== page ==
Potatoes aren’t usually the poster child for minimal tillage. The reality of the planting, hilling and digging cycle usually means plenty of dirt, some of it airborne. But dramatically reducing tillage is exactly what Chad Berry, of Under the Hill Farms near Glenboro in Canada’s Manitoba province, is trying to do. Alexis Stockford, reports for the Manitoba Co-operator.
She reports that Berry’s farm, in association with Simplot Canada, is host this year to a demonstration trial hoping to collect data on direct-seeded potatoes, part of Berry’s ongoing efforts to limit soil disturbance and wind erosion on his farm.
“The main reason is to mitigate blowing,” he said. “We see lots of potato fields in spring. There’s four to five weeks where the fields are black and powdery and, this way, we can leave some stubble standing. It’s not going to be nearly as bad.”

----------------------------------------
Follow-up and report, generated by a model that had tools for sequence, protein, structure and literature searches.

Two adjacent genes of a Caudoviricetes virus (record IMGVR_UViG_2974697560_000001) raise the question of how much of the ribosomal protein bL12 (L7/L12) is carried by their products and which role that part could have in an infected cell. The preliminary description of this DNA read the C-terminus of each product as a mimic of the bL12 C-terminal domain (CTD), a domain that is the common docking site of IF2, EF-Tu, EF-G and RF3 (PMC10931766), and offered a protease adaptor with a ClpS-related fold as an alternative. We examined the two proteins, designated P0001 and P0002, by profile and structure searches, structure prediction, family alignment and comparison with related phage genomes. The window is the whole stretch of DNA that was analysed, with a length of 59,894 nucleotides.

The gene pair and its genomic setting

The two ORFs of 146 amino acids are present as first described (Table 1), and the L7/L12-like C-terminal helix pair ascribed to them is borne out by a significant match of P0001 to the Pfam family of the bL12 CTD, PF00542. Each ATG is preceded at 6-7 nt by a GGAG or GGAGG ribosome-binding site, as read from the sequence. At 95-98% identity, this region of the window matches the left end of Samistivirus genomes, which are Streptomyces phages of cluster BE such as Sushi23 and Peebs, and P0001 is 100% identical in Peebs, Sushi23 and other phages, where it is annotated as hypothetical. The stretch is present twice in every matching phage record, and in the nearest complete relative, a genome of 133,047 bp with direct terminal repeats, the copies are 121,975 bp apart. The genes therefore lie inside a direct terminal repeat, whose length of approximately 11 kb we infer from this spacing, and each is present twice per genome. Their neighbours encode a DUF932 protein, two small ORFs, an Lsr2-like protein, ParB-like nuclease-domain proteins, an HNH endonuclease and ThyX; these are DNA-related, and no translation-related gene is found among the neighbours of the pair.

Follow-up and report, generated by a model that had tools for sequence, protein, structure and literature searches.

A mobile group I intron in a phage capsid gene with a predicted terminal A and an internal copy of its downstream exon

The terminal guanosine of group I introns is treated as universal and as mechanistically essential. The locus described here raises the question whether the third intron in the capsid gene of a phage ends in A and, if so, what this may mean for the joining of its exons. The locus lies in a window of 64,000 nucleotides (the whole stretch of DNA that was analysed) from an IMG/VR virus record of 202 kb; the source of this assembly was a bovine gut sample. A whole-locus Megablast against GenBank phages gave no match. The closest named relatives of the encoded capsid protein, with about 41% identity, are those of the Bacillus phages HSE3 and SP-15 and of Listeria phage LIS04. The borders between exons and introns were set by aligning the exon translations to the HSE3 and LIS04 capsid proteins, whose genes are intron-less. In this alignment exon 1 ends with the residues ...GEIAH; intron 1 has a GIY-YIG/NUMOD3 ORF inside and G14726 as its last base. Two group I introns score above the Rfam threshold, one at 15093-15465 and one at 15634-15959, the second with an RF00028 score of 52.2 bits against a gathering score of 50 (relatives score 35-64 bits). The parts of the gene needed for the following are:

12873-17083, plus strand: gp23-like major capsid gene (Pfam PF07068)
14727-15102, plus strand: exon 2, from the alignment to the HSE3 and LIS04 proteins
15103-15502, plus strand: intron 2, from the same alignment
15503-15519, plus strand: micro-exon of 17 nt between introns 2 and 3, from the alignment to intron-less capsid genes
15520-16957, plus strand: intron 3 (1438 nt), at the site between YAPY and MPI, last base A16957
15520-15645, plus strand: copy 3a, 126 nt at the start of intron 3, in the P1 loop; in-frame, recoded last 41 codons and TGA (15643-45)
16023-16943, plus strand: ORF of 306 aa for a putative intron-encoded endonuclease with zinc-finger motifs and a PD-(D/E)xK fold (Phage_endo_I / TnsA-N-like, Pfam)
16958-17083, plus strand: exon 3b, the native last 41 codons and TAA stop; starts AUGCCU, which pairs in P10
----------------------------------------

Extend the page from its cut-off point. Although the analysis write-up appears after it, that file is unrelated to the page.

Potatoes have a reputation for high soil disturbance, but Under the Hill Farms is hoping to keep its soil where it is by direct seeding into stubble.
The trial represents an early attempt to scale up minimal-tillage potatoes, something usually limited to the world of market gardens.
This year was Berry’s second attempt at direct seeding. Last year, the farm planted some potatoes on fall rye stubble, but was unable to harvest, thanks to weather challenges.
Scott Graham, agronomy raw development manager with Simplot Canada, argued that the system allows producers to reduce spring passes to one, including fertilizer application.
“In the fall, you still have to do that one-pass deep ripping to get your 12 to 15 inches, to break your compaction layers, but this planting system possibly could offer on some sandier soil types the ability to make one pass in the springtime,” he said.
Source: Read the full report in Manitoba Co-operator here
Photo: Canola stubble pokes out of the hills in Chad Berry’s direct-seeded potato demonstration | Alexis Stockford